For consumers, Walt Disney Co (NYSE:DIS) still might bring to mind Mickey Mouse. But investors’ first thought generally is the company’s ESPN division. Concerns about that business are a key reason why Disney stock has been range-bound for nearly three years now.
The reaction to Disney’s Q1 earnings report on Tuesday afternoon shows little has changed. Disney’s parks and studio businesses both had impressive quarters. And DIS announced the rollout of a $5-per-month standalone streaming service for ESPN, in an effort to tackle steady subscriber losses. Yet DIS stock, despite an earnings beat, has barely budged, climbing less than 1% in early trading.
Disney stock is a “battlefield stock”, as Dana Blankenhorn put it ahead of earnings. The Q1 report does little to change that. I’ve long taken the bearish side when it comes to Disney stock, and from here, Q1 suggests recent trends should continue. Admittedly, some of Disney’s businesses are performing well. But even at a modest valuation, they’re still not performing well enough to break the stock out of its range.
DIS Stock and Q1 Earnings
Disney did post a nice headline beat on the bottom line: adjusted earnings-per-share of $1.89 came in $0.28 ahead of consensus. Revenue was a bit light, growing 4%, almost a point lower than Street expectations.
At the segment level, the news was mixed in much the same way as it has been for the last 10-12 quarters. Media Networks revenue was flat, with Cable Networks up 1% and Broadcasting down 3%.
ESPN subscriber losses continue, and overall subscribers fell 3%. ESPN’s ad revenue fell a concerning 11%, with four points of the pressure coming from calendar shifts around the College Football Playoff. ABC ad sales dropped as well despite better pricing. There’s little to suggest any moderation in the fears about viewer defections to Netflix, Inc. (NASDAQ:NFLX), Amazon.com, Inc. (NASDAQ:AMZN) and other streaming options (including Hulu, of which Disney owns 30%).
Elsewhere, though, the news was much better. Parks and Resorts revenue rose 13%; operating income jumped 21%. The Parks business actually out-earned the Media Networks business in the quarter, an interesting shift for Disney stock. (Seasonality helps, as the parks see higher visitation in the fourth quarter.)
Studio Entertainment revenue and profit dropped modestly, due mostly to comparisons in the movie business. Sales in the smaller Consumer Products segment dropped 2%, and operating income fell 4%, due mostly to timing and currency.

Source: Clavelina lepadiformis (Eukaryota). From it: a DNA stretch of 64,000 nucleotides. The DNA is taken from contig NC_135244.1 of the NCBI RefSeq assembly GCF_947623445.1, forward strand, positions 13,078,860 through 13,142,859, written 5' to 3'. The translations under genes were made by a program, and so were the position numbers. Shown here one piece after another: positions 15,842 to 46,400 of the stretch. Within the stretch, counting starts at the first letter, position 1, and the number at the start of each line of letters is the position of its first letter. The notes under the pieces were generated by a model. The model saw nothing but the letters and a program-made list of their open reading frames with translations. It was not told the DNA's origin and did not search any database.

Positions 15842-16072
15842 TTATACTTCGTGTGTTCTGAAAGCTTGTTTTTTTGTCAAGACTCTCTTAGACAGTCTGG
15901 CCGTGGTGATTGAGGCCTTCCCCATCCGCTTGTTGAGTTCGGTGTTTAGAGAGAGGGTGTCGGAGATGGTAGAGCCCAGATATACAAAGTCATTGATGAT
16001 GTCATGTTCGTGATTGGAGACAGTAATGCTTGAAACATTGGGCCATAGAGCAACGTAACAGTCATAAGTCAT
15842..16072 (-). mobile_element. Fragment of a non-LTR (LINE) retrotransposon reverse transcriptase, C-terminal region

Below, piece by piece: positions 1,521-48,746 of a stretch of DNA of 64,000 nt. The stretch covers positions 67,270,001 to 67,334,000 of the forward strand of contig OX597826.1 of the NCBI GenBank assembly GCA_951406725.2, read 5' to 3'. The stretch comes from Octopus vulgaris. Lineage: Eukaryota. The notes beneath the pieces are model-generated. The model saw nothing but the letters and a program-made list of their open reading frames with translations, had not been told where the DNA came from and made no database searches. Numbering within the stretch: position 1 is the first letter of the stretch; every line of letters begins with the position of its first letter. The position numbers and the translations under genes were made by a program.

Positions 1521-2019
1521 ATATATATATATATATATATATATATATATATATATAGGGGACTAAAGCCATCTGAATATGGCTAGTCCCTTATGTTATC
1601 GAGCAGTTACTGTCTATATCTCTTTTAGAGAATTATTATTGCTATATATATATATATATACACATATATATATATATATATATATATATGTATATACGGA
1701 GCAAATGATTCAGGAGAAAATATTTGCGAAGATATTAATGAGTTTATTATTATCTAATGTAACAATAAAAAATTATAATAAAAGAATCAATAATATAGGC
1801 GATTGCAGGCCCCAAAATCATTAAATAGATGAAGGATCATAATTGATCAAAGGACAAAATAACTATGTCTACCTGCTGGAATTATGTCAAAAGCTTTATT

At the segment level, the results leave the story here little-changed. And I still don’t think that story is attractive enough. All told, revenue was flat, and segment-level operating income rose just 1%. What EPS growth Disney posted came mostly from taxes — and its tax rate won’t be cut every year.
Is Disney Stock A Buy?
I wrote back in November that I thought DIS stock had trouble ahead. With Disney stock back at roughly the same level, my opinion hasn’t changed. The Media Networks business still generates over 40% of segment-level profit, and it’s in trouble.
Affiliate fee revenues are rising only because of prices negotiated in previous years. Cable operators like Comcast Corporation (NASDAQ:CMCSA) and Charter Communications Inc. (NASDAQ:CHTR) likely will take a harder line during the next round of negotiations. The $4.99 price for ESPN’s standalone service still suggests a decrease in per-subscriber revenue (depending on how ad revenue shakes out). More importantly, ESPN’s long-running benefit — getting $8-9 per month from every cable and satellite subscriber, even those who don’t watch its networks — is going away.
And I’m skeptical the acquisition of assets from Twenty-First Century Fox Inc (NASDAQ:FOX, NASDAQ:FOXA) changes the trajectory much. It’s a smart deal for Disney, assuming it gains regulatory approval. But it’s not a purchase that is going to accelerate long-term growth.
There are risks elsewhere, too. Notably, the Studio Entertainment business is becoming heavily reliant on Marvel superhero movies and Star Wars. Four Marvel movies are coming out just this year, along with the standalone Han Solo film. If consumers get tired of superheros, in particular, that segment will weaken. The Consumer Products business has been stagnant for years now. Parks is performing well, but it alone can’t drive Disney stock.
At barely 15x forward EPS, it’s not as if DIS stock is pricing in torrid growth. But from a long-term profit standpoint, I’m skeptical it can drive much, if any, growth. The cord-cutting trend, and the associated subscriber losses, will continue for years. There’s not enough elsewhere to offset that problem. The Q1 earnings report didn’t change that argument. In fact, from here, it strengthened it.
As of this writing, Vince Martin did not hold a position in any of the aforementioned securities.